Uganda’s Social Media Tax Threatens Internet Access, Affordability
By Juliet Nanfuka |
Uganda’s president Yoweri Museveni has directed the finance ministry to introduce taxes on the use of social media platforms. According to him, the tax would curb gossip on networks such as WhatsApp, Skype, Viber and Twitter and potentially raise up to Uganda Shillings (UGX) 400 billion (USD 108 million) annually for the national treasury. The ministry has already proposed amendments to the Uganda Excise Duty Act, 2014 to introduce taxation of “over-the-top” (OTT) services, and raise taxes on other telecommunications services.
Section 4 of the Excise Duty (Amendment) Bill 2018, a copy of which was obtained by CIPESA, states: “A telecommunication service operator providing data used for accessing over the top services is liable to account and pay excise duty on the access to over the top services.” The amendment defines such services as the “transmission or receipt of voice or message over the internet protocol network and includes access to virtual network; but does not include educational or research sites which shall be gazetted by the Minister.”
According to the proposals, which could take effect on July 1, 2018, OTT services that commonly include messaging and voice calls via Whatsapp, Facebook, Skype and Viber will attract a tax duty of UGX 200 (USD 0.05) per user per day of access. In his letter, Museveni said the government needed resources “to cope with the consequences” of social media users’ “opinions, prejudices [and] insults”. He proposed a levy of UGX 100 (USD 0.025) per day per OTT user. Prime Minister Ruhakana Rugunda supported the suggestion as did the ICT minister, who stated that the taxes were meant to increase local content production and app innovation in Uganda.
If implemented, the proposed tax will be the latest in a series of government actions that threaten citizens’ access to the internet. Last month, the communications regulator issued a directive calling for registration of online content providers and also released tough restrictions on registration of SIM cards. At the USD 0.05 per day suggested by the finance ministry, a Ugandan user would need to fork out USD 1.5 per in monthly fees to access the OTT services. That would be hugely prohibitive since the average revenue per user (ARPU) of telecom services in Uganda stands at a lowly USD 2.5 per month.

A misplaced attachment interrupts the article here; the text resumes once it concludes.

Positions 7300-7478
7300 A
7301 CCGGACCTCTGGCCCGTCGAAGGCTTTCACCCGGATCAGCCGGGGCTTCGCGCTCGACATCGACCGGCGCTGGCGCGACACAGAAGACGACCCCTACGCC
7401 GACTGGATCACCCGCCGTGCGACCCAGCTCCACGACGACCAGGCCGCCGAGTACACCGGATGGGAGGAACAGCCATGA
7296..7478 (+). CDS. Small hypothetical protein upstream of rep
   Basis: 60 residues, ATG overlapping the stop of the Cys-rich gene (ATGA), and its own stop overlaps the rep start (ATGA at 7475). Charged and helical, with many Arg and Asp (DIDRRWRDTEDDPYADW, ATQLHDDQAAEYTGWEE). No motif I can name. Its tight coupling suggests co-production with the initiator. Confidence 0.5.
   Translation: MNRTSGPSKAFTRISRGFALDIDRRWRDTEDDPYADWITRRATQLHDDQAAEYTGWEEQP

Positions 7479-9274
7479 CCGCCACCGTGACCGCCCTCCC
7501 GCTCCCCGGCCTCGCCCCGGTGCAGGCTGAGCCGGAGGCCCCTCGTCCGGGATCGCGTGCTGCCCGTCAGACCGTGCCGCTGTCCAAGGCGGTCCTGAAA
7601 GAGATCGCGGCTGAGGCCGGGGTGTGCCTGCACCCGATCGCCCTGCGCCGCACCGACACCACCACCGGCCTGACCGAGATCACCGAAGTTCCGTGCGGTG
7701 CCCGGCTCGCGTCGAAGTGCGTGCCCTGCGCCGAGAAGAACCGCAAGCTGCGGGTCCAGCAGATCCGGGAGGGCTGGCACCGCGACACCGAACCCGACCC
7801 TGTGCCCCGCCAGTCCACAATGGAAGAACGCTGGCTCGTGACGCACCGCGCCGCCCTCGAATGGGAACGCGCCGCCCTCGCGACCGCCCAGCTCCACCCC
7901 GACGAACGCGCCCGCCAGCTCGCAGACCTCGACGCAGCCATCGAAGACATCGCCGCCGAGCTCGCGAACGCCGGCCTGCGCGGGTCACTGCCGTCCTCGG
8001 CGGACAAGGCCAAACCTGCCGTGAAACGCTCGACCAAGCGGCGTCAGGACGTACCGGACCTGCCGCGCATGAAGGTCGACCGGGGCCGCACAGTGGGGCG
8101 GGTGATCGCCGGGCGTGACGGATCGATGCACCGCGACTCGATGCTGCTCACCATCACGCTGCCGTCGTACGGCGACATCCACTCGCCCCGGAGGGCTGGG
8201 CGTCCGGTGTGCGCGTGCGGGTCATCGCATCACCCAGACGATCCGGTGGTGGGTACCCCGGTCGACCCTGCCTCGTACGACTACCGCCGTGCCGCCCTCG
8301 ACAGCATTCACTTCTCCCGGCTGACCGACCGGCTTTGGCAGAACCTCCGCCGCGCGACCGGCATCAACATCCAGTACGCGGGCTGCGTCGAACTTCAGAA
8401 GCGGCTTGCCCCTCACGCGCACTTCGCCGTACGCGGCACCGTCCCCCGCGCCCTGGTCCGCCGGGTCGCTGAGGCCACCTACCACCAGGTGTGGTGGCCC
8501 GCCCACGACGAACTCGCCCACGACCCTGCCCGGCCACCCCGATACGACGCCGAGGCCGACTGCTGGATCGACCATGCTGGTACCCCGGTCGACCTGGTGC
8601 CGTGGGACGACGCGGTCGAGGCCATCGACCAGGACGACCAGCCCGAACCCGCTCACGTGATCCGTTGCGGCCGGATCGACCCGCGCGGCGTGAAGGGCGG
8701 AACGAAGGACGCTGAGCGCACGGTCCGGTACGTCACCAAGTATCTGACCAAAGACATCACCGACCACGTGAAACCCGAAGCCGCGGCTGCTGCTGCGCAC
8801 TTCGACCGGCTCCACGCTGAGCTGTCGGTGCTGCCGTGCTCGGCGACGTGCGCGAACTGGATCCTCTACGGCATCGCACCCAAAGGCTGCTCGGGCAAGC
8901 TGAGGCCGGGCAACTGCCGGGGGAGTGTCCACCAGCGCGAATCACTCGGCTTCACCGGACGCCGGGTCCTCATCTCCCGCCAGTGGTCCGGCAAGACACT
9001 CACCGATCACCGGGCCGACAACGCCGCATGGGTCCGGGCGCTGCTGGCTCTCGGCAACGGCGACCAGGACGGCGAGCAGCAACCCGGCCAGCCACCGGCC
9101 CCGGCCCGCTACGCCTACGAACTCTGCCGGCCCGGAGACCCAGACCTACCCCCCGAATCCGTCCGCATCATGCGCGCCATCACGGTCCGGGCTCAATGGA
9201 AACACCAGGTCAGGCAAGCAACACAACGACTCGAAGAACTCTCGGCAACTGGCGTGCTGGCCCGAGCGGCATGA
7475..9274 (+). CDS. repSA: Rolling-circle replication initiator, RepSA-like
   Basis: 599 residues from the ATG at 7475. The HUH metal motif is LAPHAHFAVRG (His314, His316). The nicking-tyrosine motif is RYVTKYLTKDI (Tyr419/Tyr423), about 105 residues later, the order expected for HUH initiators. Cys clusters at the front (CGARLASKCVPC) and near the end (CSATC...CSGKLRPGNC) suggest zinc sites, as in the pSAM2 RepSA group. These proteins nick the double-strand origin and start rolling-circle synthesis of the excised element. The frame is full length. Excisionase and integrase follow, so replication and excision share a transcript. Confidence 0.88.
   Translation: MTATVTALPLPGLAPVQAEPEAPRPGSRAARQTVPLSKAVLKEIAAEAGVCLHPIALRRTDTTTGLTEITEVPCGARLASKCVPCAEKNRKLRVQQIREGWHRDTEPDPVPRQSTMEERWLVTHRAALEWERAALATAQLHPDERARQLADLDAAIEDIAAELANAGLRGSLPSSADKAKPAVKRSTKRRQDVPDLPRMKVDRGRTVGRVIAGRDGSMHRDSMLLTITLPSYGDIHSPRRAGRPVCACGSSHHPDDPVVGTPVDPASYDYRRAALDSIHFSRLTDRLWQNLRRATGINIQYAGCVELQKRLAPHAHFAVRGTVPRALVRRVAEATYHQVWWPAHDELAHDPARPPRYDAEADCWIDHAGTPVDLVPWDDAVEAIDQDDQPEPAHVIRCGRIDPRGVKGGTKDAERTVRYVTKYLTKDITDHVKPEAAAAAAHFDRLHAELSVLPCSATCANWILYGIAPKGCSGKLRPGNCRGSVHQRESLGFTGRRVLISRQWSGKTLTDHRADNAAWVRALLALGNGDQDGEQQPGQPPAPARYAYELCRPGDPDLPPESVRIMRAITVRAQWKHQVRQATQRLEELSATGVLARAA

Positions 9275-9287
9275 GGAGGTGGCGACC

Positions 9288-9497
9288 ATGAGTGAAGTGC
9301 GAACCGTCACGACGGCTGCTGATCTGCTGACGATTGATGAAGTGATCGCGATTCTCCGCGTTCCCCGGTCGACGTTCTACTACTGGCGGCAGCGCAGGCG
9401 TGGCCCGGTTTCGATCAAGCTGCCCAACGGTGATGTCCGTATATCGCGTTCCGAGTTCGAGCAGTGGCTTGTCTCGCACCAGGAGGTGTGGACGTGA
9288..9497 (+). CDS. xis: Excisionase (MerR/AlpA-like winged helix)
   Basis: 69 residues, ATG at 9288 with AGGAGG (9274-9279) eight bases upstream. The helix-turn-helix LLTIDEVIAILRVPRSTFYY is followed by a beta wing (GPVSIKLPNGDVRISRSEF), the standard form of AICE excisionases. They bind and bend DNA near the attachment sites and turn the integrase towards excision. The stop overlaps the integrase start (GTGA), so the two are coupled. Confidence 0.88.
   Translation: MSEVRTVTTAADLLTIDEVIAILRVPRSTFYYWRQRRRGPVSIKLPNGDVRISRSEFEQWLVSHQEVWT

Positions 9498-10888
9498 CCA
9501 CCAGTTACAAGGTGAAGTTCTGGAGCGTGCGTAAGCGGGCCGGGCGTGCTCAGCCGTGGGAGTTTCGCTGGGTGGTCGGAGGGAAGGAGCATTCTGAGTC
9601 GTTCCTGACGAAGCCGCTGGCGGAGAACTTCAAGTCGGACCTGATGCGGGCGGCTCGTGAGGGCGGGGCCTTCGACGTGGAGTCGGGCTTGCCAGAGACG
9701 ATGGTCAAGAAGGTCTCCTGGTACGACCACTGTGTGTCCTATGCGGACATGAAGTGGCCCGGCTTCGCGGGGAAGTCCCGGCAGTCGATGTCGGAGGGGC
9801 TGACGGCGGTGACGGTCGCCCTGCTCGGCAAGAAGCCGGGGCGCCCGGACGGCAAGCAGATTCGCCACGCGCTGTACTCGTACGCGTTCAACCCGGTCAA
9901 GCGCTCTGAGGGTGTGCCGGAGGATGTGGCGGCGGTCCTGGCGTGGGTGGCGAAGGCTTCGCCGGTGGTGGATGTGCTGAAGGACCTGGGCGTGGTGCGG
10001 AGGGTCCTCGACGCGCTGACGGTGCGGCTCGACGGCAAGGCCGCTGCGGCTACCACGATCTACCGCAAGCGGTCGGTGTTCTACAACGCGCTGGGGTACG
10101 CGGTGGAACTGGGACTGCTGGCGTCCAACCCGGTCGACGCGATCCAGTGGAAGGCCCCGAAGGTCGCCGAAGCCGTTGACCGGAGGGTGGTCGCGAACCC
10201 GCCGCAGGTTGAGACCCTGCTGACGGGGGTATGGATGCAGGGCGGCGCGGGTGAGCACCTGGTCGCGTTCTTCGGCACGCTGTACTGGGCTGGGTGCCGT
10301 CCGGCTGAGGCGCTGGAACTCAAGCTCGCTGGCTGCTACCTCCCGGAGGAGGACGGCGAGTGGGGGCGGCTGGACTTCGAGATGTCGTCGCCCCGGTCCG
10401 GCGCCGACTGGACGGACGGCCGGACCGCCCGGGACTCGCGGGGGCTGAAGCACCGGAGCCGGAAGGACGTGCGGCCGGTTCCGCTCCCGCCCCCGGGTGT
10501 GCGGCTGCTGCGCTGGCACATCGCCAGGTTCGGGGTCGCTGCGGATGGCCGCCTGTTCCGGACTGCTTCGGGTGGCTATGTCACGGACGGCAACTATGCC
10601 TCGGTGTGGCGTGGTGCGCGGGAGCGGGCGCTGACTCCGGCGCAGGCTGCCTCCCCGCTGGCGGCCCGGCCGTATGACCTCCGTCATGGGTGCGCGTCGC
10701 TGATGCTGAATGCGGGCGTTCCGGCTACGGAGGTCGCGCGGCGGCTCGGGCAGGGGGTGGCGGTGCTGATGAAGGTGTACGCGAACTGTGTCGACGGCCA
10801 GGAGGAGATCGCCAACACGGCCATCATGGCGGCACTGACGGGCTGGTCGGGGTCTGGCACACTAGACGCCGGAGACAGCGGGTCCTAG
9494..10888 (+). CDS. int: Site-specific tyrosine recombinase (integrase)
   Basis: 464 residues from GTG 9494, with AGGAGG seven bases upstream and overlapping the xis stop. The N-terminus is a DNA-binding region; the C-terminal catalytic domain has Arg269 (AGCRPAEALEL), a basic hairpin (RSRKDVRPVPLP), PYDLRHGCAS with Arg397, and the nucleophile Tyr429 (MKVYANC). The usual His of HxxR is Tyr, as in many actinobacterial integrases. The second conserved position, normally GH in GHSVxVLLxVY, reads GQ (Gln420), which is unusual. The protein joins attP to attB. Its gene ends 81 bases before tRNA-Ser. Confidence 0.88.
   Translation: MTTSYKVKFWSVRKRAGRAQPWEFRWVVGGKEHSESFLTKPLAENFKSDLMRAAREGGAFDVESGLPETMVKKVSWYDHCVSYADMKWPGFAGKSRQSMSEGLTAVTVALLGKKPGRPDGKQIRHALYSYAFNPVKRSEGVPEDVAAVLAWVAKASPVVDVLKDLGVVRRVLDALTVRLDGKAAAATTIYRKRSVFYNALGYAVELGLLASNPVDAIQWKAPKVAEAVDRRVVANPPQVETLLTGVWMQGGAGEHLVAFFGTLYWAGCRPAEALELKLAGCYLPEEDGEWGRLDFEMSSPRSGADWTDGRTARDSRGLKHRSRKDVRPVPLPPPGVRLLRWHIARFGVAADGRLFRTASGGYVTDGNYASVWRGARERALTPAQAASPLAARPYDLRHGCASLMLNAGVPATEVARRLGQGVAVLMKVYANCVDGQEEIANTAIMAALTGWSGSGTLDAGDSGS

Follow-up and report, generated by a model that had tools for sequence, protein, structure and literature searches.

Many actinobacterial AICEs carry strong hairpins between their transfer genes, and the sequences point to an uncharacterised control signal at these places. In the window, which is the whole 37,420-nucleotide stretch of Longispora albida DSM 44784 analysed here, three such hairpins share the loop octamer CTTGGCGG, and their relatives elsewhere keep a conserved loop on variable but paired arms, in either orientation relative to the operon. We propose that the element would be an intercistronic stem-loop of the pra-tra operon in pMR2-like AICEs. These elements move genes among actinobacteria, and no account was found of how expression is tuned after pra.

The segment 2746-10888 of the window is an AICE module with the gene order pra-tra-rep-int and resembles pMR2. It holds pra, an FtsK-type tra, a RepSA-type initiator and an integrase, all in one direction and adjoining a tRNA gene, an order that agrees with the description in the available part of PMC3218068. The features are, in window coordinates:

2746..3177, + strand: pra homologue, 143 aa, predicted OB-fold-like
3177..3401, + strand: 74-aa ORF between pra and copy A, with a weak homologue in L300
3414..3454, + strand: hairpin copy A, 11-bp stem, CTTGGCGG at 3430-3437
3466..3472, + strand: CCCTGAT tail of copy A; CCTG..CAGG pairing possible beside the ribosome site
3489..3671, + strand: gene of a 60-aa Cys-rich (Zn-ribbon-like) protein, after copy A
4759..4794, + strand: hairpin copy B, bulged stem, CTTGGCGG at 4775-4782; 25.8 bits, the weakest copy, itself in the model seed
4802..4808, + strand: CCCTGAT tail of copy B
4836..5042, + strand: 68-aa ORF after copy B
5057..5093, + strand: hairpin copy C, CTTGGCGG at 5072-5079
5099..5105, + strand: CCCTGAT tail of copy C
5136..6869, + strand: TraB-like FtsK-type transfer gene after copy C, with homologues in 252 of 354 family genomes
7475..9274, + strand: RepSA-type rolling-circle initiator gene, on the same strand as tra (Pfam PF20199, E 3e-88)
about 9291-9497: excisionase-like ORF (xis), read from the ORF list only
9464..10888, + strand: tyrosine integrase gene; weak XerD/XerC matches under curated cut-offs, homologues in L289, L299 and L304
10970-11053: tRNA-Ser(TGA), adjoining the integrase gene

According to the Uganda Communications Commission (UCC), in the 2016-2017 financial year, Uganda’s telecommunications sector contributed UGX 523 billion (USD 141.2 million) to national tax revenue, an increase of 14.3% from the previous year’s UGX 458 billion (USD 123.6 million).
As of September 2017, Uganda had an internet penetration rate of 48% while the mobile subscription stood at 65 lines per 100 persons. Research shows that at least one in nine internet users in the country is signed up for a social networking site, with Facebook and WhatsApp the most popular.
Indeed, social media and by extension OTT services, are key avenues for public discourse, service delivery and political engagement. As per the recently released results of the national IT survey 2017/18, 92% of MDAs have a social media presence with most using Facebook, Twitter and WhatsApp as their primary platforms for information dissemination and engagement with citizens. Meanwhile, telecommunications companies have tapped into the popularity of OTTs by offering competitive social media data packages, resulting in what was popularly referred to as “data price wars.”
The amendment bill also proposes a 12% tax for airtime on cellular, landline and public payphones. The latter two previously attracted a 5% tax. The tax on mobile money transfers has been increased from 10% to 15%, while a 1% tax has been introduced to the value of mobile money transactions of receiving and withdrawals.
The proposed taxes do little to support internet affordability in Uganda, which already scores poorly on the Affordability Drivers Index (ADI) that annually assesses communications infrastructure, access and affordability indicators. Currently, 1GB of mobile prepaid data in Uganda costs more than 15% of the average Ugandan’s monthly income. This is much higher than the recommended no more than 2% in order to enable all income groups to afford a basic broadband connection.
The proposed taxes have also raised considerable debate among members of civil society and the business sector, who are concerned that consumers will inevitably be economically affected, while the legal fraternity has called the move unconstitutional. In a country where two social media shutdownswere ordered in a space of three months during 2016, and where some social media users have been prosecuted or arrested over opinions expressed on Facebook and Twitter critical of public officials, these developments are particularly worrying. Already, the perceived high level of surveillance has forced many Ugandans including the media, into self-censorship, turning them away from discussing “sensitive” matters of community or national importance.
The increasing popularity of social media enabled OTT services, brings new regulatory challenges for governments, as many of these services have not required a licence or been required to pay any licensing fee according to the Electronic Frontier Foundation (EFF). However, the regulation of OTT platforms and services may in some cases adversely affect user rights.
On the financial inclusion front, the proposed taxes are also likely to affect mobile money subscriptions and the cost of doing business. In Uganda and across Africa, mobile money has become the primary means of financial transactions, offering new opportunities for productivity and efficiency gains to governments, businesses and individuals.
Feature photo by GotCredit